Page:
In his classes and seminars on comparative religion, which was his major subject, Antonin was one of the few students who was not planning on becoming a clergyman. Even those who occasionally voiced reservations regarding faith and organized religion were steadfast in their devotion to the Judeo-Christian concept of God. For that reason, when Antonin, who had remained attentive and silent in class from the beginning of the semester, stated, “All beliefs, religious or otherwise, are secondary notions within the greater truth involving the infinite variety and countless planes of existence through which all things, living and otherwise, journey for all of eternity,” everyone in the room, including the professor, appeared to been stunned into bewildered silence. As he had done in all of his classes in Haiti, Antonin had stood while making this declaration. He remained that way for a few seconds as he looked at the professor and his fellow students. At first, Antonin assumed his highly accented English was the problem, and so he started to repeat his statement in a slower, more deliberate manner, at which point Professor Hayes held up a hand and asked him to sit.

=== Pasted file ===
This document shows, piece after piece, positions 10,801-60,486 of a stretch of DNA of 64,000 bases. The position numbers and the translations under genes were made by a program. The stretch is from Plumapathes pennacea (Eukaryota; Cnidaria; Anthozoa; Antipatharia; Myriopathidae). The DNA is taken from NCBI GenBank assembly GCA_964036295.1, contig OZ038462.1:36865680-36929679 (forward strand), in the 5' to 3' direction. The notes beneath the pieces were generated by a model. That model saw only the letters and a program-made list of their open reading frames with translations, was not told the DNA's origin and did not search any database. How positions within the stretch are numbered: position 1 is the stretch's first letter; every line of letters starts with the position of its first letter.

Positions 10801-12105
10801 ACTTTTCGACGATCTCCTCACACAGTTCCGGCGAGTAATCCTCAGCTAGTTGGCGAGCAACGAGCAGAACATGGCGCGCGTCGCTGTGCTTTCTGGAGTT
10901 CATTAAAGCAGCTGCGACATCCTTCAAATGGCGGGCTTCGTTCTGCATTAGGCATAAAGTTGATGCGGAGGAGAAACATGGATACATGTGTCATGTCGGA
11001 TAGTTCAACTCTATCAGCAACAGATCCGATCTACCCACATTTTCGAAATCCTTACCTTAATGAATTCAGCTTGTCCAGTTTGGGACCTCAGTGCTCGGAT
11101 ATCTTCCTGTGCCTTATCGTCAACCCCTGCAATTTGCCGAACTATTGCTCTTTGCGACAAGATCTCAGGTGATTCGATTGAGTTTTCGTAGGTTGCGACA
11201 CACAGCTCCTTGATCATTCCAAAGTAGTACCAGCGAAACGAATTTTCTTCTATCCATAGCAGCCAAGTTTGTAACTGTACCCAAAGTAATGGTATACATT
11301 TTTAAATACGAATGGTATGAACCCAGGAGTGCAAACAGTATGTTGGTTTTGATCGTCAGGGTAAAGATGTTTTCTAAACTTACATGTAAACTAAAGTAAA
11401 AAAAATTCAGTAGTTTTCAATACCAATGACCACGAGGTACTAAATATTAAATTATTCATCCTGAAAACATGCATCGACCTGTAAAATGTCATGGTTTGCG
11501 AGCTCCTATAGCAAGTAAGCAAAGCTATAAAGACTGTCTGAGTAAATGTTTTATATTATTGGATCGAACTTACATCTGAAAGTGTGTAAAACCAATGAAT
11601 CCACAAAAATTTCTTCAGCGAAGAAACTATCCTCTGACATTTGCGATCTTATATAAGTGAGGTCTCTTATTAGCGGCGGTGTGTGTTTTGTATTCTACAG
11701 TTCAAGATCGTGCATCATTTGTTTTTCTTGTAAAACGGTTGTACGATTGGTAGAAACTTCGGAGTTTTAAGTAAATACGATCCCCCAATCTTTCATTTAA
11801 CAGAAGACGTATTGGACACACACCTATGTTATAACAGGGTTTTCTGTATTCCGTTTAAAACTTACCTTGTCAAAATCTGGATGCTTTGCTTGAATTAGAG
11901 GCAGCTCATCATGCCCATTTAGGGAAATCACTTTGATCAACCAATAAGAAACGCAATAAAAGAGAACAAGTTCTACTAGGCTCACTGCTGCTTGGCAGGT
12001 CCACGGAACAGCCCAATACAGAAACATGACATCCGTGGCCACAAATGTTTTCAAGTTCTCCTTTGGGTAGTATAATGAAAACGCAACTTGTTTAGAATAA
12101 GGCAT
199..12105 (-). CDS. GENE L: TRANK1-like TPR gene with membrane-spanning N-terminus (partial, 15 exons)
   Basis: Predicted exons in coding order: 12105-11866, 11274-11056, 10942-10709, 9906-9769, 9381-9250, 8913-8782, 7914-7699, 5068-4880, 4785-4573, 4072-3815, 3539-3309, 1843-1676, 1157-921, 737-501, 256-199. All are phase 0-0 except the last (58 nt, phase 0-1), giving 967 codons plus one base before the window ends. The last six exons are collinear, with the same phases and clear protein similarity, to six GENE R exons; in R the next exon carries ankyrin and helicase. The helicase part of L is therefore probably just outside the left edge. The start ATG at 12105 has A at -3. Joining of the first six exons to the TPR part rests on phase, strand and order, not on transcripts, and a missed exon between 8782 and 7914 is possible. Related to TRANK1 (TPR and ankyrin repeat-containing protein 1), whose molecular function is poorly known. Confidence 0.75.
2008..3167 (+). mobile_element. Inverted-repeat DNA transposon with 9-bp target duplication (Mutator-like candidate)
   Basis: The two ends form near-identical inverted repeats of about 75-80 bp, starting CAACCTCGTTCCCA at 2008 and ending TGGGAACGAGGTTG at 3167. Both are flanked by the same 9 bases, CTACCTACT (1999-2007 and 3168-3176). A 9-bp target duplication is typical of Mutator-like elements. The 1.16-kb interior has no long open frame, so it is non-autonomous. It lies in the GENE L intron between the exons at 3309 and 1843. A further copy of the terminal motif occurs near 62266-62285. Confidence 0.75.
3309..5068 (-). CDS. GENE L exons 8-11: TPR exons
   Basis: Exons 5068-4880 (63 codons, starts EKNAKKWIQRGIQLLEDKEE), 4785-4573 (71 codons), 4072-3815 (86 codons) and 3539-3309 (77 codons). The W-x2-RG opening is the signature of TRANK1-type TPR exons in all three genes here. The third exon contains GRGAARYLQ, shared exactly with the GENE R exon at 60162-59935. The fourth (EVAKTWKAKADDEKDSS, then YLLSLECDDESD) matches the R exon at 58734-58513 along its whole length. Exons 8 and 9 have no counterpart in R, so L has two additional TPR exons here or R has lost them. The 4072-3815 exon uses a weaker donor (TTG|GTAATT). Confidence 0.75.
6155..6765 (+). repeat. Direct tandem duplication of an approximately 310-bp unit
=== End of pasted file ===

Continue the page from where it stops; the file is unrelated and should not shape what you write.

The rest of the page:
As Antonin left his seat at the end of the period, the professor gestured to him. Without any preamble, he said, “Mr. Renard, you are free to say anything you want in class, within the boundaries of good taste, but please understand that this is not a philosophy course. We are not discussing theories and odd ideas that emerge from cults and radical social organizations. In this class, we talk about the beliefs and rituals and histories of known religions. Do you understand?”
“Yes, professor. I am truly sorry that I offended you.”